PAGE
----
Algonquin to Adirondacks wildlife corridor gains traction, recognition
By Mike Lynch
On Aug. 12, just days after floods washed aways roads, bridges, and dams in the central Adirondacks, Quebec writer Jamieson Findlay poured over a map spread out on a picnic table at a state campground in Newcomb. Bill Brown, a retired scientist, gave navigation advice, while Bill Barkley, Findlay’s childhood friend and hiking partner, listened intently nearby.
Findlay would make a month-long trek from the Adirondack Park to Algonquin Park following the Pilgrimage for Nature Trail, which had been created to bring awareness of the wildlife corridor between the two parks.
“It’s going to rejuvenate me and recharge my batteries,” Findlay, 64, said upon setting out on the journey.
The nonprofit Algonquin to Adirondacks Collaborative (A2A) touts the area as “one of the last large-scale, intact forest and wetland linkages left in Eastern North America.”
Advocates say safe wildlife corridors are needed to allow animals to move across the landscape between protected habitats so populations don’t get genetically isolated and so they can move through places where they have traditionally lived. Climate change is also making it necessary for plants and animals to move north to cooler climes.
On its own and through work with partners, A2A fosters safe routes within the region to help animals move safely across a landscape that is fragmented by development and roads, where many creatures are killed by vehicles.
Findlay and Barkley, who joined him for two stretches, started their trip with a small group including Barkley’s son, Denzil, and rewilding advocate John Davis, who had previously completed the New York portion of the trek as part of a team that traversed the entire corridor.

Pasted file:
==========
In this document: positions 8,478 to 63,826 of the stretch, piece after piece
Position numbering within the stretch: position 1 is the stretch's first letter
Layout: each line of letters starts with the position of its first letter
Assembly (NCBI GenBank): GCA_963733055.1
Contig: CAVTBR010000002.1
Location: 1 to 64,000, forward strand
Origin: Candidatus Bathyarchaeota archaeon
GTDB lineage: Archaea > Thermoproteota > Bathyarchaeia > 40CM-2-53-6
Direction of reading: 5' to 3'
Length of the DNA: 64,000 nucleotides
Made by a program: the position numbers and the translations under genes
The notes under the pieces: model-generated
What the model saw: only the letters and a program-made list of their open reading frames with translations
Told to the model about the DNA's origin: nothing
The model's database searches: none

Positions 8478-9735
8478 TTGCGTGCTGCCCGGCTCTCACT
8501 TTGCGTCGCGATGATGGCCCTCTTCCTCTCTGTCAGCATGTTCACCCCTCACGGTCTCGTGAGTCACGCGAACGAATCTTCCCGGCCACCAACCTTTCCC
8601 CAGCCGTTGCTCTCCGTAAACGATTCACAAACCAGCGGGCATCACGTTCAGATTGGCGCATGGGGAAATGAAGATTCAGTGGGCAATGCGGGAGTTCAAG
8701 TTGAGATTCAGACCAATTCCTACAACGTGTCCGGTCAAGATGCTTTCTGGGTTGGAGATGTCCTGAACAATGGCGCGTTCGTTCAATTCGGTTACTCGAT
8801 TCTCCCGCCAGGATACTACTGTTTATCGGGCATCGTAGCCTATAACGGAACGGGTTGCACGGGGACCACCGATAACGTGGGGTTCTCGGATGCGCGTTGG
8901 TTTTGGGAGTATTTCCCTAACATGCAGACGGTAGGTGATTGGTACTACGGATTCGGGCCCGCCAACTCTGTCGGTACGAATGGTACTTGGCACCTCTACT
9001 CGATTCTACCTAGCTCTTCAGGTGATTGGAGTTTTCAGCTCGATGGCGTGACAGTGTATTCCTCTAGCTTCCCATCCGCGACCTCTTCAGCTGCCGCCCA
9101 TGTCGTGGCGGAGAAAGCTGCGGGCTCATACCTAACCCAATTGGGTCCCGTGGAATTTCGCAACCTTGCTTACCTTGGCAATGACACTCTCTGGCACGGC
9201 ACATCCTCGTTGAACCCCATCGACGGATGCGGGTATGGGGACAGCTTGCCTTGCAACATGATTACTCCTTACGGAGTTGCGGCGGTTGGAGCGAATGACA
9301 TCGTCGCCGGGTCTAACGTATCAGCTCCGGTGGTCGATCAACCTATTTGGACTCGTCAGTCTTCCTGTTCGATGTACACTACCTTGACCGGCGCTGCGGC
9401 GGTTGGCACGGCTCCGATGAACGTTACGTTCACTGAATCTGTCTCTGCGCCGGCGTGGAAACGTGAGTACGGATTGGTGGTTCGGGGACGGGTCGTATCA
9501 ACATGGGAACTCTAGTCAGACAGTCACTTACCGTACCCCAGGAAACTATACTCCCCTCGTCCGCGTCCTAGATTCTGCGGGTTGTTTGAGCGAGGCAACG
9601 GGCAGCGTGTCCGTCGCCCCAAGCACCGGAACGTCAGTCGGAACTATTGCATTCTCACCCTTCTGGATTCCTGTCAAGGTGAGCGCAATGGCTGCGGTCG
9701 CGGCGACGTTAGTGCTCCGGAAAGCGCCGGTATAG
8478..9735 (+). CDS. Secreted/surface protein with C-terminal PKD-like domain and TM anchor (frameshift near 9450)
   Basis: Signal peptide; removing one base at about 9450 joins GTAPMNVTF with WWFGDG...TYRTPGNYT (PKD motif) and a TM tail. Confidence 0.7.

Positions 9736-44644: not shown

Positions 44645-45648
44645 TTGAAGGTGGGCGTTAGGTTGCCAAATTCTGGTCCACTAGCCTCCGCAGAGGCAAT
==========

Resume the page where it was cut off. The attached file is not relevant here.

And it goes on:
When the groups split after a mile or so, Findlay and Barkley headed down the Great Camp Santanoni carriage road, their packs loaded with gear.
A small toy moose dangled from Findlay’s bag, a tribute to Alice the Moose, a collared animal released in 2000 in Newcomb. Alice had meandered north about 350 miles to Algonquin Park, where she died of unknown causes in 2001.
The 700-pound cow inspired the creation of the A2A that formed in 2002 to protect and enhance the wildlife corridor between the two parks, and the nature trail that Findlay planned to follow through a new app. The developing route is a collection of trails considered day trips or short outings.
New York support
The Algonquin to Adirondacks Wildlife Collaborative has been recognized in Canada for about two decades. But in recent years, it’s gained momentum in New York, receiving official status in the U.S. and attracting supporters including Brown, a retired scientist from the Adirondack Chapter of The Nature Conservancy and Adirondack Land Trust, and Davis.
The new energy has led to a mapping initiative launched this summer to better understand the landscape and where opportunities exist for wildlife paths, among other things. A road ecology study is taking place just south of the St. Lawrence River.
“When I was (collaborative executive director), the idea of getting more going on the American side and some more energy over there was something that I was really looking for and hoping would happen,” said Canadian David Miller, an A2A leader turned board member. “And it’s happening in spades now.”
The momentum has come as wildlife corridors have become more mainstream, in part because climate change research has shown that animals and plants will be moving across the landscape as the planet warms.
“The concept of ecological corridors has always been around with landscape ecology,” Miller said. “But, in terms of the public consciousness and government interest, I think you’ve seen, over the last decade or so, substantially more interest.”
Spreading the word
After traveling through the corridor, Findlay said he found little knowledge of A2A outside of scientists, land trusts officials and those involved with work related to the corridor.
“Generally I would say no one knew about it,” Findlay said.
To get the word out, Findlay and Barkley handed out pocket-sized cards about the A2A and gave presentations at schools and parks along the journey.
They also got a better understanding of the corridor’s varied terrain such as the wilderness of the Adirondack Park.
“There were lots of streams to ford, and lots of mud,” Jamieson said. “And so, the trails were beautiful. Campsites were wonderful. But it was slow going.”